Chow Down Brown: Chicken Roundup

Because of the sheer amount of forgetfulness laziness investigative journalism that has gone into this piece, getting this post up on Blog has been a semester-long process. But it’s finally here: a comprehensive study of the Ratty and Vdub’s grilled chicken selection. At times Canadian, once in a while European, and sometimes Southern, Brown Dining Services has provided us with an extensive and culturally-inclusive poultry menu. We look into what makes Italian Marinated so Italian, what distinguishes Sante Fe from the Caribbean Jerk, and examine the dressing of Cajun Style (punny).

Keep reading, because as a member of the Brown community, you should know about the various flavors that contribute to our campus’ daily chicken menu. We’re kind of kidding, and yet we do believe the sheer number of nationalities of the Ratty/V-dub chicken deserves recognition. Snapshots, profiles, and reviews follow…

Grilled Rotisserie

A little plain?

A little plain?

We have to begin somewhere, so it’s probably best to start simple. Grilled Rotisserie is your basic Ratty chicken: as far as we know, it boasts no dressing or ‘spices’ but is literally just grilled—on the rotisserie, of course. Inoffensive, this is your primary chicken style that all our other chicken is the same as works off of. Definitely a crowd pleaser, but also not going to be causing a traffic jam line at the Ratty.

Montreal Grilled

Mmm, Canadian.

We were skeptical as to whether or not Montreal Grilled Chicken is actually a thing, but lo and behold the spice-masters at McCormick have confirmed its legitimacy with a popular seasoning that includes garlic, salt, onion, black pepper, parsley, red pepper, orange peel, paprika, and green bell peppers. Moreover, our friends at Wikipedia claim that the Montreal deli Schwartz’s first created the seasoning in the 1940s and 1950s when broiler man named Morris “The Shadow” Sherman began adding their signature smoked meat pickling spices to his own rib and liver steaks.  Due to its popularity, it eventually became a norm in Montreal delis and steakhouses. And somewhere along the way, we suppose, the seasoning found its way… to the Vdub. Still, let’s put history aside and recognize that Montreal Grilled is empirically a funny thing to see on a menu.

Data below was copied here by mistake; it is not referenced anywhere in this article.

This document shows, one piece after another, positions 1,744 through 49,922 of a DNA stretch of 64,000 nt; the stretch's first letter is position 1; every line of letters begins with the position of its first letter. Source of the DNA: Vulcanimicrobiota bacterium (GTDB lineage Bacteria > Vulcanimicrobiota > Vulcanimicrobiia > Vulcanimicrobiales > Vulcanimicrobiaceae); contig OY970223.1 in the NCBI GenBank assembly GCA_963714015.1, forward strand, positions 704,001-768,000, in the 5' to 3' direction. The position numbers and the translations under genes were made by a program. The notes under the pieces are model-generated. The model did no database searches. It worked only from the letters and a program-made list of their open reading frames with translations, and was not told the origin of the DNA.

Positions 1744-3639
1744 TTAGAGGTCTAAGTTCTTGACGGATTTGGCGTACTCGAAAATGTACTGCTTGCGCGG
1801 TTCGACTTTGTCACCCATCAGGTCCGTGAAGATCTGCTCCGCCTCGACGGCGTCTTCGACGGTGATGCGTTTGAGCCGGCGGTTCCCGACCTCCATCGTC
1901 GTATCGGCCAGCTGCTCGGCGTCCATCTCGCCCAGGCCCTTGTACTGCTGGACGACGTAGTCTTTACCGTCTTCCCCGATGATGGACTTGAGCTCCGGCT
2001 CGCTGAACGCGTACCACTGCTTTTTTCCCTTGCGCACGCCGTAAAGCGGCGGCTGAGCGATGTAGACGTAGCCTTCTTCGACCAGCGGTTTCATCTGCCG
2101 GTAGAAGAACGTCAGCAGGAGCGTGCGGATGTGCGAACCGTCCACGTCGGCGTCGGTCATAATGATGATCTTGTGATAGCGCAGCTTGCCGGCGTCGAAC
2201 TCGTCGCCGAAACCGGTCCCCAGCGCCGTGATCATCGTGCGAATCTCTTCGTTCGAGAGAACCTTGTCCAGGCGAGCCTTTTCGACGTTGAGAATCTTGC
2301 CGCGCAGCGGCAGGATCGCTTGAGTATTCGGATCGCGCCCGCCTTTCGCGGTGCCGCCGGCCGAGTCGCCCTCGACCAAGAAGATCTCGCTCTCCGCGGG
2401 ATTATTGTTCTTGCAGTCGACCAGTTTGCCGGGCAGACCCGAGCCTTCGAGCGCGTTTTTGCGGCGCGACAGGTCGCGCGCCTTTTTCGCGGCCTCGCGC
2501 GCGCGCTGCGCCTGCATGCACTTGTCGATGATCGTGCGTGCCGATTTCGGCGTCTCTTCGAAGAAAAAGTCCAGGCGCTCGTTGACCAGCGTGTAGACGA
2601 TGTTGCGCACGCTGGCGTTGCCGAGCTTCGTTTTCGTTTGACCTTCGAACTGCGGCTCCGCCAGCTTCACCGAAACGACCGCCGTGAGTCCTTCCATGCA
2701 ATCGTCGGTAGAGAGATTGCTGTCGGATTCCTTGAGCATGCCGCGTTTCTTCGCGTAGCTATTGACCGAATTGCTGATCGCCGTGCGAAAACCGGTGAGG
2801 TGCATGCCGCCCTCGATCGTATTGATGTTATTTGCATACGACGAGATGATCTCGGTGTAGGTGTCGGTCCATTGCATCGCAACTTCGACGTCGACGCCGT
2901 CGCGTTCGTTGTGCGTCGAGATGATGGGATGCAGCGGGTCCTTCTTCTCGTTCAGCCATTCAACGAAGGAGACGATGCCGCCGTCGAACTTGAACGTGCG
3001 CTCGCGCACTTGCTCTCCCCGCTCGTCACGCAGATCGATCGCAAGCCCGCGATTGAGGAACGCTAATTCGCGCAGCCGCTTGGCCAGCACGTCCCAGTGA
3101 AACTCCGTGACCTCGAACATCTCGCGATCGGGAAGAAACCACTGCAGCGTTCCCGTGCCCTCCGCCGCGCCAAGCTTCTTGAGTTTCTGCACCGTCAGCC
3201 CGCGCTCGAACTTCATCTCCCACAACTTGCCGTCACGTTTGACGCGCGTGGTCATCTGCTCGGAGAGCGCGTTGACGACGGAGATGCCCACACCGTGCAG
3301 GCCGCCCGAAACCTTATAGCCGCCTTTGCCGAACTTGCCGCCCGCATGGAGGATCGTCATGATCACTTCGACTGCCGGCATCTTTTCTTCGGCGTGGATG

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New Food Truck Alert: Citizen Wing

citizenwing

This academic year, lamentably, has been rather short on new mobile culinary purveyors compared to the famed Food Truck Boom of 2012-2013. Just a year ago, as you may recall, food trucks were sprouting up the Hill like crazy and tweeting at each other all the time. Where was the new generation of Lotus Peppers, Sprouts, and Portu Galos? (Come to think of it, where the hell are Sprout and Portu Galo?)

BUT FEAR NOT. BlogDH presents, for the first time since two more trucks cropped up all the way back in September, a blaring New Food Truck Alert. Citizen Wing opened for business just this month with an array of gourmet chicken wings available for order. The selection includes staples like Southern BBQ, variations on classic flavors like Rosemary Hot (buffalo), and newfangled creations like Habanero Cilantro. The wings are tasty, though some might find them a bit pricey; order in bulk with a friend at 20 for $15 to maximize value. Other selections include fries, a gourmet $5 ice cream sandwich, a chicken and waffle plate, and boneless tenders.

According to the truck’s Facebook page, Citizen Wing chef Nick LeFebvre is a Providence local and Johnson & Wales culinary graduate. A tweet by Plouf Plouf indicates that LeFebvre at one time interned there, so he’s been around the Thayer/George food truck scene for a while. Blog gives Citizen Wing a thumbs-up and recommends it for an earlier night when you might already be feeling a little munchy.

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Soul Food Night at the Ratty is tonight

Nom

Nom

Another year brings the return of Soul Food night to the Ratty. Organized by the Black Heritage Series and Third World Center, its goal is to”celebrate African-American culture through food.” Essentially, it is an edible version of Soul Train, and it’s available to you for one meal credit.

For those of you who were with us on meal plan last year, you may recall a night in spring semester when the Ratty was filled with fantastic fried chicken and mashed potatoes galore. To everybody else, we think that the promise of fried chicken speaks for itself. Rest assured that the Ratty is going to be packed tonight. The food is served from 4:30 – 7:30, but we suggest getting there early to avoid the 6:30 rush. The decision to go is a simple one: Do you like soul? Do you like food? Of course you do.

Did we mention that the food is really, really good? See you tonight for the first special Ratty dinner of the year!

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